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Transversus Abdominis Plane Block Anesthesia in Abdominoplasties

Sforza, Marcos M.D.; Andjelkov, Katarina M.D., M.S.; Zaccheddu, Renato M.D.; Nagi, Hussein M.D.; Colic, Miodrag M.D., Ph.D.

Plastic & Reconstructive Surgery:
doi: 10.1097/PRS.0b013e31821e6f51
Cosmetic: Outcomes Articles
Abstract

Background: The transversus abdominis plane block is a promising approach to the provision of postoperative analgesia following abdominal incision. This effective method blocks the sensory nerve supply to the anterior abdominal wall. The authors evaluated its analgesic efficacy over the first 12 postoperative hours after abdominoplasty with liposculpture in a randomized, controlled, double-blind clinical trial.

Methods: Twenty-eight women undergoing abdominoplasty by means of a lower abdominal incision were randomized to undergo transversus abdominis plane block (n = 14) in addition to standard care therapy (n = 14). The investigators, who were blinded to the conditions of the study, assessed the patients in the postanesthesia care unit at 4, 6, and 12 hours postoperatively.

Results: The transversus abdominis plane block group reported reduced pain scores (F = 12.73, p < 0.001). Morphine requirement was also reduced in the first 12 postoperative hours (χ2 = 19.27; p < 0.005). Transversus abdominis plane block group patients also exhibited early ambulation compared with the control group (F = 65.15, p < 0.001). All of the patients in the transversus abdominis plane block group reported lower levels of pain with their postoperative analgesic regimen, which was demonstrated by their rates of recovery. The Mann-Whitney test was performed on the data, which illustrated that mean ranks consistently corresponded to the trend the authors predicted.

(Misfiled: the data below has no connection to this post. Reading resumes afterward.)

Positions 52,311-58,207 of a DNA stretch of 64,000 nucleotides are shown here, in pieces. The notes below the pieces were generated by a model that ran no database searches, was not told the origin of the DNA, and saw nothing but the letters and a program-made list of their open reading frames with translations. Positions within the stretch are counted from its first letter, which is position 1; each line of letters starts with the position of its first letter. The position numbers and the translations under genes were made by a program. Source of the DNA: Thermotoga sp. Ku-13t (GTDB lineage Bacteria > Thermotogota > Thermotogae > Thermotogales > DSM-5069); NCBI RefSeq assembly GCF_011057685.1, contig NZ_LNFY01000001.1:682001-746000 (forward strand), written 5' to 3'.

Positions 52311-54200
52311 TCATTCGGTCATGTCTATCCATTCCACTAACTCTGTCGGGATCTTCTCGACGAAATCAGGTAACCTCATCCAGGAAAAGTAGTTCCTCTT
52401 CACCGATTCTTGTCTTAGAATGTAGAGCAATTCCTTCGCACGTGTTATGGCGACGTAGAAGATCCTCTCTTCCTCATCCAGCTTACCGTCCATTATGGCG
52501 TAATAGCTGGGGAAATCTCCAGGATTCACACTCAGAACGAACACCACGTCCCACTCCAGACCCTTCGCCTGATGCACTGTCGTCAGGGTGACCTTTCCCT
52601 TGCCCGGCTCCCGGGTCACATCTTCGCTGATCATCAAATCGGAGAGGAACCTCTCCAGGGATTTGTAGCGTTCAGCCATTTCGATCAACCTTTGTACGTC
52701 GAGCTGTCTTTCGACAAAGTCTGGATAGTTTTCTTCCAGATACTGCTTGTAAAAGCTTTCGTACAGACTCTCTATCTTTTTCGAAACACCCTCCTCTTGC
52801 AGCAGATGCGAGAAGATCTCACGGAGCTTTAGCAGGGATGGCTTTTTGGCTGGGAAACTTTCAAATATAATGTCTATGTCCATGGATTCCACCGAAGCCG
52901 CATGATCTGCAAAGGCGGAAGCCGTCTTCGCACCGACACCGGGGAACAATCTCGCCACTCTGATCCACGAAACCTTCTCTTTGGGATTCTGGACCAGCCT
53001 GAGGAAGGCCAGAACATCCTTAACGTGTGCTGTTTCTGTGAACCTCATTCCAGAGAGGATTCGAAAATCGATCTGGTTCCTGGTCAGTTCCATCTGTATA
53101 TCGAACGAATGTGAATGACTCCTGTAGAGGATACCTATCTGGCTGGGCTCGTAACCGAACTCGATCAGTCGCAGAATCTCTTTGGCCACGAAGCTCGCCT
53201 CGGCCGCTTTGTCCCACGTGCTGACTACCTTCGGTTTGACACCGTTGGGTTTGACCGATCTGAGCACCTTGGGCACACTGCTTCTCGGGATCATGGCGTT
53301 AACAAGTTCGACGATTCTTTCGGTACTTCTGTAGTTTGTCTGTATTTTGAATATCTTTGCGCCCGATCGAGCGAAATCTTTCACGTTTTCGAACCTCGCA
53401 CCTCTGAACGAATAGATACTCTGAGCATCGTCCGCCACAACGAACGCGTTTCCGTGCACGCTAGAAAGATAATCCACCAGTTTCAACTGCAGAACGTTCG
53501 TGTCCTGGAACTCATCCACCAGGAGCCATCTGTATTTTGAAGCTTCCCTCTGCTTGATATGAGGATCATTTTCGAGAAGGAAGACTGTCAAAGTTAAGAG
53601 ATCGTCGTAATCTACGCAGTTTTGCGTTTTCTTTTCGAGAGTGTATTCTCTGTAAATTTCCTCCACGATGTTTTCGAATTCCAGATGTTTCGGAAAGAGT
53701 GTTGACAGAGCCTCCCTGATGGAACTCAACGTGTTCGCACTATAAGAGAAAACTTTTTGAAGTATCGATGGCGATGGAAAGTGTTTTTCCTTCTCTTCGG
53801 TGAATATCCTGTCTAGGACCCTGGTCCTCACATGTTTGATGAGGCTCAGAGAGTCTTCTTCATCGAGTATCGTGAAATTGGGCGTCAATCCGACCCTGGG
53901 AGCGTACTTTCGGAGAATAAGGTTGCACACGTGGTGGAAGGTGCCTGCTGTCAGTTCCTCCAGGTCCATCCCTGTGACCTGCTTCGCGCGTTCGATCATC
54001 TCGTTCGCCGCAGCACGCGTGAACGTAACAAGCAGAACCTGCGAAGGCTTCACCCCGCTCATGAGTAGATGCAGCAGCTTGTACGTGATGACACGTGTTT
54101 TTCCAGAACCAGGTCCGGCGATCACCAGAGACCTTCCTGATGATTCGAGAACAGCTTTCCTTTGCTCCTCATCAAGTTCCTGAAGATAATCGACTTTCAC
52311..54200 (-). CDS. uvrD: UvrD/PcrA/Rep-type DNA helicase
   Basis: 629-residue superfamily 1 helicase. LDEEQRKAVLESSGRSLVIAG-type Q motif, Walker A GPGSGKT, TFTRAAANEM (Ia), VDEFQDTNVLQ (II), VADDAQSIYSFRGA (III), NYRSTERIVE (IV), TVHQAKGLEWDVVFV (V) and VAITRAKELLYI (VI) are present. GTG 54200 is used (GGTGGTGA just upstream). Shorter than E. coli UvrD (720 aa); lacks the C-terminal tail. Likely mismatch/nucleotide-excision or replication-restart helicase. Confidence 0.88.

Conclusions: The transversus abdominis plane block seems to hold considerable promise for patients undergoing abdominoplasty by providing effective postoperative analgesia in the first 12 postoperative hours after major abdominoplasty.

CLINICAL QUESTION/LEVEL OF EVIDENCE: Therapeutic, II.

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Author Information

London and Bromsgrove, United Kingdom; and Belgrade, Serbia

From the UNIFESO's School of Medicine Elective Internship in Plastic Surgery; the Plastic Surgery Department, University of Belgrade; Dolan Park Hospital; and City Hospital.

Received for publication April 7, 2010; accepted October 19, 2010.

Disclosure: The authors have no financial interest to declare in relation to the content of this article.

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Marcos Sforza, M.D., 31 Weymouth Street, London W1G 7BT, United Kingdom, marcos@marcossforza.com

©2011American Society of Plastic Surgeons